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Comprehensive Car Insurance


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Comprehensive Car Insurance

Know the difference between comprehensive car insurance and liability coverage

Comprehensive car insurance is one of those types of car insurance that can be a little confusing to those who are new to the task of purchasing insurance for their vehicle. When I was younger and looking into insurance, I thought that "comprehensive auto insurance" meant that everything was covered; wrong.

I finally figured out the difference between liability insurance and comprehensive insurance. In most states, if you don't have a lien on your car you can get by with liability insurance that will cover the other guy should you be the responsible party in an accident. However, it does not cover your losses. So if you get in an accident that is your fault, and both cars are totaled, the other guy's loss will be covered by your insurance and you will find yourself walking to work.

This is one of the reasons why the minimum auto insurance required in most states is liability auto insurance. They want to make sure that the "victim" in a car accident is protected both financially and medically.

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However, if you are purchasing a vehicle and making monthly payments, you are usually required by the car loan company to carry comprehensive car insurance coverage. That will protect them and you, should you be involved in an accident and the vehicle is a loss. In fact, most insurance companies will notify your lender should you cancel your auto insurance.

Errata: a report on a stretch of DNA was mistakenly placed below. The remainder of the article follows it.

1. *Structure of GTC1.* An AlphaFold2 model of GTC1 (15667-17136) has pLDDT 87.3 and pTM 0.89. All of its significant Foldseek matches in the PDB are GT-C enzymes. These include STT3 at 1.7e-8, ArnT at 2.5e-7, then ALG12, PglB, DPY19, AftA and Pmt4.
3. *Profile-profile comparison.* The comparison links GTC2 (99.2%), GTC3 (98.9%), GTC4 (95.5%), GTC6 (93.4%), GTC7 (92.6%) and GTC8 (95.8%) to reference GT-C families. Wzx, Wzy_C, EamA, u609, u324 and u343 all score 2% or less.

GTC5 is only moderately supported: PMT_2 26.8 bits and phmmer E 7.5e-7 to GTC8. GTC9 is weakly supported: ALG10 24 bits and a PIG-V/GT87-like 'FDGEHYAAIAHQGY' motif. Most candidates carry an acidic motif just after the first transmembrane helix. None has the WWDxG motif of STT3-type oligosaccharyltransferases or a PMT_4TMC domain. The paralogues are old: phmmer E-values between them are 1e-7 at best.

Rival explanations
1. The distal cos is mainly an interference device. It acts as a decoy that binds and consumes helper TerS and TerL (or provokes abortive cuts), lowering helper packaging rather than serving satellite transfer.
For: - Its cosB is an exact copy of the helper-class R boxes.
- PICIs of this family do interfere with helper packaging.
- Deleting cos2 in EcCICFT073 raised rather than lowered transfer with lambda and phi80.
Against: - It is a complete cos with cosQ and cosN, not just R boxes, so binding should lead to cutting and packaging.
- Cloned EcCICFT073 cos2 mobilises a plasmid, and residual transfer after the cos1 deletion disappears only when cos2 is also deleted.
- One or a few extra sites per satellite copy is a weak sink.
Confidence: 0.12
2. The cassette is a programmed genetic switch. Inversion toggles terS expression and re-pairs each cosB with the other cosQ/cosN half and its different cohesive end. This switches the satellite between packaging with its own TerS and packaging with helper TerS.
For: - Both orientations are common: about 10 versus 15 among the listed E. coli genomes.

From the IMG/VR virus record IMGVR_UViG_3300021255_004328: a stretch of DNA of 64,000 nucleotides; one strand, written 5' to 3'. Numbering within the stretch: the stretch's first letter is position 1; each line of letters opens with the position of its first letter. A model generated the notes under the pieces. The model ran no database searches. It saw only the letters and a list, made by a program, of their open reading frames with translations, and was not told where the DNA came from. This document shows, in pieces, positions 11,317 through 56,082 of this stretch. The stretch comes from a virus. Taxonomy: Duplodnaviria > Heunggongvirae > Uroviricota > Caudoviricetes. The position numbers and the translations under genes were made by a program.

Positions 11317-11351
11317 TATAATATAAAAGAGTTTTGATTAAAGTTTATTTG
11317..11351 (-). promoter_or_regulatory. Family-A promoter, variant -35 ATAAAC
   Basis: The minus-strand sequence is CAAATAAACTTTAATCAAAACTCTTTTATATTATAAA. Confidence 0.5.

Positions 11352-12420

One such lender and auto sales company removes the possibility of coverage being cancelled by requiring all those who purchase one of their vehicles to also purchase their comprehensive car insurance through their provider. The insurance premium is included in the car payment and the lender's interest in the vehicle is protected.

Unfortunately, for other drivers on the road, if you are involved in an accident with someone with this type of coverage, you could be in for a real shock. The driver is supposed to purchase liability insurance from a regular insurance provider, which is required to be legal in most states.

I learned the hard way that not all of them do purchase the required liability insurance. Instead when they are in an accident and have to provide proof of insurance they will present their "policy" from their lender. Then when the victim (in this case, me) attempts to file a claim against their "insurance provider" they learn that it is only comprehensive car insurance and only covers the car of the person who hit you.

They are in essence an uninsured motorist. So heads up, everybody. If you are involved in a car accident with someone who presents you with a DriveTime policy, make sure you ask for proof of liability insurance from a known insurance provider. If they cannot provide proof of insurance at the accident scene, then make sure the police know that they are not insured. Otherwise, you'll be filing a claim against your insurance, which will cause your own rates to go up.

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